We are drawing to a close with Phase II of the LIDP, so naturally our thoughts are turning to what we would like to do with the data we have accumulated from the first two phases at Huddersfield. What would Phase 3 look like?
The aims of our original in house project were:
- To engage non-low users
- To increase attainment levels
- To work progressively with staff to embed library use
We had always intended to use the data we had analysed to make a direct impact on retention and attainment in the University. Our plan for 2012/13 was to
- Refine data collected and impact of targeted help
- Use this information to create a toolkit which will offer best practice to a given profile
- E.g. scenario based
In order to help us to focus on the areas we need to look at going forward, we held an event for Computing and Library Services staff and the Pro-Vice Chancellor for Teaching and Learning on 9 November.
The first half looked at what we had achieved so far – thanks to Ellen for an excellent presentation looking at some of our previous blogs – and some really cool new findings, which we will be blogging about very soon!
The second half of the session looked at the future and centred on a number of questions:
How can LIDP be utilized to help increase student retention at Huddersfield?
The data shows that there is a statistical significance between library usage and retention – although this is clearly not cause and effect, it does mean something and adds to our arsenal of ways of flagging up possible retention issues.
We need to get better data at subject level rather than the general view we have at the moment. We also need to get longitudinal data to see if usage changes over time – a sudden drop could indicate a potential problem?
Finally, we need to get live data, both phases of LIDP took 4 months to analyse the data to give results for a single point in time – live data would add great value to a retention dashboard.
How do we engage academic staff?
What are the mechanisms to deliver a step-change? We can show clearly evidenced work on what we have already done, but how do we get to the value-added bit at the end? We need to create a series of briefing papers for specific subject areas that shows the evidence we in areas that relate specifically to academic staff. We need to build relationships and look to move library contact time away from the first term to the point of need – of course we’ve known this for a while, but we still get booked up in the first term for inductions, with further engagement we can move sessions to suit the student using the data we have.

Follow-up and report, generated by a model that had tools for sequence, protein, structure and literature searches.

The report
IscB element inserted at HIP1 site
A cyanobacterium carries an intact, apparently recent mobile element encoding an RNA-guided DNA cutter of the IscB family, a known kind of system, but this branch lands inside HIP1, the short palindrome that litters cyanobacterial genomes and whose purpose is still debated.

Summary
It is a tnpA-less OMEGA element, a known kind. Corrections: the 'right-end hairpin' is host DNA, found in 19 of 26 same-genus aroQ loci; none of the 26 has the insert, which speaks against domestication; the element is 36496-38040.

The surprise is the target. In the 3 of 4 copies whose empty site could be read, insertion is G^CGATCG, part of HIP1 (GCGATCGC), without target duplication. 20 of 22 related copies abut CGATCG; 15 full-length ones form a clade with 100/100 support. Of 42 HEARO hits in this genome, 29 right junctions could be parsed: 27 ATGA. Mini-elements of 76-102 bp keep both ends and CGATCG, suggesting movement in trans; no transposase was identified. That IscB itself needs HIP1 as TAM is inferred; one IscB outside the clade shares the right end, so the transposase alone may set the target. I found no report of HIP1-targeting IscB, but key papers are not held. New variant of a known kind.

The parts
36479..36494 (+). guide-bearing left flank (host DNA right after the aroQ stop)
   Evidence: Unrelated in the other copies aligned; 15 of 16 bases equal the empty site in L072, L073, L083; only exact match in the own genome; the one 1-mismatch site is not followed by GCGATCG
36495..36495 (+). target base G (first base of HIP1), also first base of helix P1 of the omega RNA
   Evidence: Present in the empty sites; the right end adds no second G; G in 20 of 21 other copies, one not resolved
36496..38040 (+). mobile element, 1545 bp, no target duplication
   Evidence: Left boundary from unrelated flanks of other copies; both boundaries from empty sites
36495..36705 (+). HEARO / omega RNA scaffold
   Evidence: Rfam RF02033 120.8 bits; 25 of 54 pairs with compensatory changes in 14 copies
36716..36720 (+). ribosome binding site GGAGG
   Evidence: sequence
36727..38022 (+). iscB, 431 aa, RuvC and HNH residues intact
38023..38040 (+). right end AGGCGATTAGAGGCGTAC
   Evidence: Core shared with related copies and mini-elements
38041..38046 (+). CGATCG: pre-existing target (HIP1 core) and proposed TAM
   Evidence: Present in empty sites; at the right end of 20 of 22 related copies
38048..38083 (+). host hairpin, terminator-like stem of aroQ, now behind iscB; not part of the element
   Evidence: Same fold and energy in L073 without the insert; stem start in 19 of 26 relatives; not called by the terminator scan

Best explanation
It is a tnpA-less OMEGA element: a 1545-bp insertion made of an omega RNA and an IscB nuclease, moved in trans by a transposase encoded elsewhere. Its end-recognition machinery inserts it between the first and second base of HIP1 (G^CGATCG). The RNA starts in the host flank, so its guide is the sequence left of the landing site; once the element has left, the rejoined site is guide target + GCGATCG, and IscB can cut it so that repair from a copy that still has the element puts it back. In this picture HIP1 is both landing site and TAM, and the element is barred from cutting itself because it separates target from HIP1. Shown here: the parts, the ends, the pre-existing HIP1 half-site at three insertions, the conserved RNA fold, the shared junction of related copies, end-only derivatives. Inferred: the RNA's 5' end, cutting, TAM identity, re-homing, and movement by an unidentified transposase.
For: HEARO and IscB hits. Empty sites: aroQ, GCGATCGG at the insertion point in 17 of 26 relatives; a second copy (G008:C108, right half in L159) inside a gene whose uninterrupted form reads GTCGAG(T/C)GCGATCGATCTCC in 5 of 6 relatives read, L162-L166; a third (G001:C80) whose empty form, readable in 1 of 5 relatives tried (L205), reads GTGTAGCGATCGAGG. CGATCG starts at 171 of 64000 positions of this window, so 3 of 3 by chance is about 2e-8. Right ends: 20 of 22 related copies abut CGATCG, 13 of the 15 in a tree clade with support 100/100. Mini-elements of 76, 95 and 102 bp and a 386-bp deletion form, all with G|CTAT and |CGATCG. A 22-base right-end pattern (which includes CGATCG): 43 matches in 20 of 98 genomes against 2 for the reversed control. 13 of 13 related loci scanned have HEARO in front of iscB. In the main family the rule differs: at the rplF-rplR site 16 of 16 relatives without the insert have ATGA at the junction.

Is low usage appropriate in some areas?
We have found that usage is low in areas such as Art and Design and Computing and Engineering. Is this OK? We need to come up with a way to measure this and target the areas of need to find out why? Is low use acceptable, or are the resources inappropriate? Do our results show us that we have an issue with certain groups of overseas students and usage – or do they just work in different ways to European students – are they actually working in groups, which might account for lower usage? Anecdotal evidence says they maybe.
What data should we offer in future?
We need to offer two sets of data, one to look at improving retention, the live dashboard approach, and one to look at adding value to the student experience. We need longitudinal data to look at usage over time and also yearly stats so that we can start to benchmark. We also need to discriminate between years of study so that we can look for patterns.
The use of e-resources has worked as a broad indicator, we always said it was a fairly rough measure, we need to add some evidence based practice to this, e.g. have interventions made a difference?
Which areas do we prioritise?
Do we look at the NSS scores? Overseas students? Specific subjects, such as Computing and Engineering? We need to develop a strategy moving forward, we also need to get the live data. This is an area that needs to be developed, possibly using the Wollongong model (Brian Cox and Margie H. Jantti, “Capturing business intelligence required for targeted marketing, demonstrating value, and driving process improvement”, Library and information science research, vol.34, no.4 (2012): 308-316. doi: //dx.doi.org/10.1016/j.lisr.2012.06.002) and open source software?
Additionally, we need to do more work integrating our MyReading project – academics need to give out clearer guidance for reading, essential, recommended, additional etc. so we can monitor usage, non-engagement and follow up some of our finding about the impact of wider reading.